Of these, we need to consume (return true) on onDown and onTouchEvent, and implement the movement login in onScroll.
Here is the implementation of onScroll. We’ll fill in the missing parts in the following paragraph.
onScroll receives two coordinate sets, e1 and e2, representing the start and end movements of the scroll that triggered the event.
We’re only interested in the e2 — the new position of the knob — so we can animate it to position and calculate the value.
I am using a function we’ll review in the next section to calculate the angle of rotation.
As mentioned earlier, we’re only using 300 degrees from the knob's start point to its end point, so here we also calculate what value the knob’s position should represent using the divider.
Calculating the rotation angle
Now let’s write the calculateAngle function.
This function calls for a bit of explanation and some 8th grade math.
The purpose of this function is to calculate the position of the knob in angles, based on the passed coordinates.
I opted to treat the 12 o’clock position of the knob as zero, and then increase its position to positive degrees when turning clockwise, and reducing to negative degrees when turning counterclockwise from 12 o’clock.
We get the x, y coordinates from the onScroll function, indicating the position within the view where the movement ended (for that event).
X and y represent a point on a cartesian coordinate system. We can convert that point representation to a polar coordinate system, representing the point by the angle above or below the x axis and the distance of the point from the pole.
Converting between the two coordinate systems can be done with the atan2 function. Luckily for us, the Kotlin math library provides us with an implementation of atan2, as do most Math libraries.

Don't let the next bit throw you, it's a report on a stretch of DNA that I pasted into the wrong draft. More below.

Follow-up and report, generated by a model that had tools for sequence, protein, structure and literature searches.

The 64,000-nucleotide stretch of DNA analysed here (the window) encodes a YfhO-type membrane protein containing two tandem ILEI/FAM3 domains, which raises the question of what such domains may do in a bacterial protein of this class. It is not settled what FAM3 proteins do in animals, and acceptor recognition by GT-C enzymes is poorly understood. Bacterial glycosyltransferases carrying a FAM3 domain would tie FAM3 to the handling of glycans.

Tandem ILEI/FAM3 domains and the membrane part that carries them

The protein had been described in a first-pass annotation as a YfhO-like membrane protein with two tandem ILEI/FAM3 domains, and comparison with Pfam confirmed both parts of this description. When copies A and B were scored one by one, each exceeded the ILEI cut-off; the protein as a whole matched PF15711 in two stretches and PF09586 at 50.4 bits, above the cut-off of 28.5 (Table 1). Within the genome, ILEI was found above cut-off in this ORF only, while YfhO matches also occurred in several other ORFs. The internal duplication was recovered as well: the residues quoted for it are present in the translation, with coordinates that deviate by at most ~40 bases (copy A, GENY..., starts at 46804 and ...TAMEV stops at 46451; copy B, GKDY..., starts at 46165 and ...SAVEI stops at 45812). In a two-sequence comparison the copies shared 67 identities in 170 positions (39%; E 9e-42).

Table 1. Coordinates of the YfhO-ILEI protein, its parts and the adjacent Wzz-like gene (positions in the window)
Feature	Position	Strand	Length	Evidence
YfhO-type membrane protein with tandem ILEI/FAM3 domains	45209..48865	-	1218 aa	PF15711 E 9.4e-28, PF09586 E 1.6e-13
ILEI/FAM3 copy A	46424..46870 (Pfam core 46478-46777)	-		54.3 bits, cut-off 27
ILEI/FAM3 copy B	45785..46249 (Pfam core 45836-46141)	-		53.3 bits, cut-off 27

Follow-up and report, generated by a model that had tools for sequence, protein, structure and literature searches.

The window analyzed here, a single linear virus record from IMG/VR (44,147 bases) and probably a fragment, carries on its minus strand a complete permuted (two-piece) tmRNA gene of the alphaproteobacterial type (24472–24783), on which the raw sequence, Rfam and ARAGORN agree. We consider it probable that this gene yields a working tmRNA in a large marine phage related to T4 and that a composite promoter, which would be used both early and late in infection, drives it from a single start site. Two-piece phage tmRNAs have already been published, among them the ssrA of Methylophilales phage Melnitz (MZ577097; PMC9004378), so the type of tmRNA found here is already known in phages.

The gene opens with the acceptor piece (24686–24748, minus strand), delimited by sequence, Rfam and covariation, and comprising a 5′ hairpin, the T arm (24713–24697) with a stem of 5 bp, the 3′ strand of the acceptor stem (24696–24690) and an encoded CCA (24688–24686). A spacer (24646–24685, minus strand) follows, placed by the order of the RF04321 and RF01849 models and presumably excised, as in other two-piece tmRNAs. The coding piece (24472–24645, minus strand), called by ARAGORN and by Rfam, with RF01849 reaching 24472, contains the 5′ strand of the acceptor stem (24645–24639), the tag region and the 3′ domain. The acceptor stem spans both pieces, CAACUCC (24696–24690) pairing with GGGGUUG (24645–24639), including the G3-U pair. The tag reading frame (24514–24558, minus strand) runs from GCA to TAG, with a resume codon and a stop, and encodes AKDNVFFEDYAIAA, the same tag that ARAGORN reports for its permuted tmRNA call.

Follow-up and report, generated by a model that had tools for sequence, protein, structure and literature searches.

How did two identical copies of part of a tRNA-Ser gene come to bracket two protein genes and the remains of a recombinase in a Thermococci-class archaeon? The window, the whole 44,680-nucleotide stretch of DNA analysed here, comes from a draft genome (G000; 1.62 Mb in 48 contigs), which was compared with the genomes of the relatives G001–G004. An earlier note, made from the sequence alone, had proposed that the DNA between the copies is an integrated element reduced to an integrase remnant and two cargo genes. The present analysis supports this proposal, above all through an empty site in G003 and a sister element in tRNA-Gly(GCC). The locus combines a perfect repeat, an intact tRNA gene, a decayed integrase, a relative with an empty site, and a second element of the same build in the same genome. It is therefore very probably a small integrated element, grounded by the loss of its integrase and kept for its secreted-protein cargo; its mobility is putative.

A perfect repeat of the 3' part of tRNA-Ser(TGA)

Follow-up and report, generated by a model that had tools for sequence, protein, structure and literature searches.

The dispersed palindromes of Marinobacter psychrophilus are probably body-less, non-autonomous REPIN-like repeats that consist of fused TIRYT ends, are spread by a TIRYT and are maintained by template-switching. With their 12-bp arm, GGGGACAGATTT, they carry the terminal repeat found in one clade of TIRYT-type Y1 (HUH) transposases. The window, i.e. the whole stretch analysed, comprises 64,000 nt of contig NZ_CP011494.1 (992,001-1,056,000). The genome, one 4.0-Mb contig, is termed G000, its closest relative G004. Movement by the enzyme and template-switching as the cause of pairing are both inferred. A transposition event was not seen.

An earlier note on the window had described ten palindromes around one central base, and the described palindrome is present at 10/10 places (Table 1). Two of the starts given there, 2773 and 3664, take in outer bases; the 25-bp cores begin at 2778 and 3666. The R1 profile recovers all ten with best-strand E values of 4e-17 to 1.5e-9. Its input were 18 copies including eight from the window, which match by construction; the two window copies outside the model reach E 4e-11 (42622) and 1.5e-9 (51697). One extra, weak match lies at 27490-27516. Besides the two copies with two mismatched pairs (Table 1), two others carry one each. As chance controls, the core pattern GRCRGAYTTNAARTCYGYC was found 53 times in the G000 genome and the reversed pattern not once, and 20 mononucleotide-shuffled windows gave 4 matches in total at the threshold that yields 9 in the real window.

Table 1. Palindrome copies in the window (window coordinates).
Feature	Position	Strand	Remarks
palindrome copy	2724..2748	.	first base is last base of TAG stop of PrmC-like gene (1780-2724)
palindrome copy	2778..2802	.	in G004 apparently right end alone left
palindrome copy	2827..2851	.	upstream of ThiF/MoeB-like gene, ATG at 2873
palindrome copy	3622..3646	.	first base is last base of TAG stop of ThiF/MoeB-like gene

We do, however, need to account for a few differences between our knob model and the naïve math implementation.
- The (0,0) coordinates represent the top right corner of the view and not the middle. And while the x coordinate progresses in the right direction — growing as we move to the right — the y coordinate is backwards — 0 is the top of the view, while the value of our view’s height is the lowest pixel line in the view.
To accommodate that we divide x and y by the respective width and height of the view to get them on a normalized scale of 0–1.
Then we subtract 0.5 from both to move the 0,0 point to the middle.
And lastly, we subtract y’s value from 1 to reverse its direction.
- The polar coordinate system is in reverse direction to what we need. The degrees value rises as we turn counter clockwise. So we add a minus sign to reverse the result of the atan2 function.
- We want the 0 degrees value to point north, otherwise passing 9 o’clock, the value will jump from 0 to 359.
So we add 90 to the result, taking care to reduce the value by 360 once the angle is larger than 180 (so we get a -180 < angle < 180 range rather than a 0 < x < 360 range)
The next step is to animate the rotation of the knob. We'll use Matrix to transform the coordinates of the ImageView.
We just need to pay attention to dividing the view’s height and width by 2 so the rotation axis is the middle of the knob.
And last but not least, let’s expose an interface for the consuming Activity or Fragment to listen to rotation events:
Using the knob
Now, let’s create a simple implementation to test our knob.
In the main activity, let's create a TextView and drag a view from the containers list. When presented with the view selection, select RotaryKnobView.
Edit the activity’s layout xml file, and set the minimum, maximum, and initial values as well as the drawable to use.
<geva.oren.rotaryknobdemo.RotaryKnobView android:id="@+id/knob" class="geva.oren.rotaryknobdemo.RotaryKnobView" android:layout_width="@dimen/knob_width" android:layout_height="@dimen/knob_height" android:layout_marginBottom="312dp" app:layout_constraintBottom_toBottomOf="parent" app:layout_constraintEnd_toEndOf="parent" app:layout_constraintStart_toStartOf="parent" app:layout_constraintTop_toBottomOf="@+id/textView" app:knobDrawable="@drawable/ic_rotary_knob" app:initialValue="50" app:maxValue="100" app:minValue="0" />
Finally, in our MainActivity class, inflate the layout and implement the RotaryKnobListener interface to update the value of the TextField.
The Android Metronome app is also available on Google’s play store.